Mechanistic modeling as an explanatory tool for clinical treatment of chronic catatonia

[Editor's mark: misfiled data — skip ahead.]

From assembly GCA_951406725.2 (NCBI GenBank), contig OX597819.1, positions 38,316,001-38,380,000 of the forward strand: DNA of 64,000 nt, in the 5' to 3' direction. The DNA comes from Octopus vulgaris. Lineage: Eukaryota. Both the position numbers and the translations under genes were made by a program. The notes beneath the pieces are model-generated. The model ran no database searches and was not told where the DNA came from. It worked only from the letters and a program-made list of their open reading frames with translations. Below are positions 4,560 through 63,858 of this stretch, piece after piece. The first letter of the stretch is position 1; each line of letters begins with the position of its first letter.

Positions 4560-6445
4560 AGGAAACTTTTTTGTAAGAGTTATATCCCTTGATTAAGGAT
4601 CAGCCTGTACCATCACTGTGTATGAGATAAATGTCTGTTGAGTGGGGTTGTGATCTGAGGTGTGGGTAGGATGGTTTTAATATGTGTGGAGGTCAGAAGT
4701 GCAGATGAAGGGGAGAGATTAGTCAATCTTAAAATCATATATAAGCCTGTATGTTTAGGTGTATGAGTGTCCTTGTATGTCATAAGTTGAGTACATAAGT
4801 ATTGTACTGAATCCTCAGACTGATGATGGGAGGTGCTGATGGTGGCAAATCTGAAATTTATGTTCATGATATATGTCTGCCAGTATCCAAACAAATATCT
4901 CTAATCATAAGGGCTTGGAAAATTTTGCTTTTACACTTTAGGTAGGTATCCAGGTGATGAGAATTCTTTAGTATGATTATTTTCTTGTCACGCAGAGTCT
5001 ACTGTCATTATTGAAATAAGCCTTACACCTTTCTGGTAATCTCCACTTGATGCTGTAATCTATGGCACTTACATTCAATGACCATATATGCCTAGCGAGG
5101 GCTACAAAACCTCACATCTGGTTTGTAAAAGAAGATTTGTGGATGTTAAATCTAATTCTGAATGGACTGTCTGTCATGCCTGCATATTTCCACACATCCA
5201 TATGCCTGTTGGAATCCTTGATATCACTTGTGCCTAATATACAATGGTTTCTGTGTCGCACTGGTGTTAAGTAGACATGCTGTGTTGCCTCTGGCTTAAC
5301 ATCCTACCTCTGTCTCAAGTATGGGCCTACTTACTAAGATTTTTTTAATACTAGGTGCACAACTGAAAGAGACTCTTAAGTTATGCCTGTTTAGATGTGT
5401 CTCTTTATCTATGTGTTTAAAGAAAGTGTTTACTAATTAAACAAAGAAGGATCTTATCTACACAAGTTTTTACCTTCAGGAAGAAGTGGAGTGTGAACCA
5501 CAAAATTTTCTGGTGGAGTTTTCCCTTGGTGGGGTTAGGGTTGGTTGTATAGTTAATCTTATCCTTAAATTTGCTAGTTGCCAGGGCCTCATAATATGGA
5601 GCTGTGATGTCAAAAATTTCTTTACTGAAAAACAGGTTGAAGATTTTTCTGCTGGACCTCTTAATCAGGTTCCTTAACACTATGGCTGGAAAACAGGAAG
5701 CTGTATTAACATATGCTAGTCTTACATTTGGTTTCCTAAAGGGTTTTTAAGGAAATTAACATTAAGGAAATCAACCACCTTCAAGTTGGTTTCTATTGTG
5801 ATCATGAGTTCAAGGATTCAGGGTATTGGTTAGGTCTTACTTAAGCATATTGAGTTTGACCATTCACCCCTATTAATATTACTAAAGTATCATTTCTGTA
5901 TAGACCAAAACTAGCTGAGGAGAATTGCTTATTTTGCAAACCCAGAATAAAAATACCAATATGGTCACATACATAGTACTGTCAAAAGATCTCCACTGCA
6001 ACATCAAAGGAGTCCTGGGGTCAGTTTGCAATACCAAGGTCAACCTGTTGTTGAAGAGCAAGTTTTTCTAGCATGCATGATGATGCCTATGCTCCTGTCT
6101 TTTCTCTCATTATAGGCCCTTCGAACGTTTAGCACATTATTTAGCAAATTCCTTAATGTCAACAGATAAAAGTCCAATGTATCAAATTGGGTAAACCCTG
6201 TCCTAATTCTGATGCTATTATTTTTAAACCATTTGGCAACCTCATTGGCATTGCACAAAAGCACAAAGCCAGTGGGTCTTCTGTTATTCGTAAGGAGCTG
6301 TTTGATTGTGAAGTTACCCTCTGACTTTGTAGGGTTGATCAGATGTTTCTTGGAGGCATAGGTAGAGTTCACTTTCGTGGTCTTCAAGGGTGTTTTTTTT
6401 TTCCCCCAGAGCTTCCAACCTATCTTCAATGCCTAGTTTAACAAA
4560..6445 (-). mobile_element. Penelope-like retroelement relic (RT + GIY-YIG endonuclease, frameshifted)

Mathematical modeling of neural systems is an effective means to integrate complex information about the brain into a numerical tool that can help explain observations. However, the use of neural models to inform clinical decisions has been limited. In this study, we use a simple model of brain circuitry, the Wilson-Cowan model, to predict changes in a clinical measure for catatonia, the Bush-Francis Catatonia Rating Scale, for use in clinical treatment of schizophrenia. This computational tool can then be used to better understand mechanisms of action for pharmaceutical treatments, and to fine-tune dosage in individual cases. We present the conditions of clinical care for a residential patient cohort, and describe methods for synthesizing data to demonstrated the functioning of the model. We then show that the model can be used to explain effect sizes of treatments and estimate outcomes for combinations of medications. We conclude with a demonstration of how this model could be personalized for individual patients to inform ongoing treatment protocols.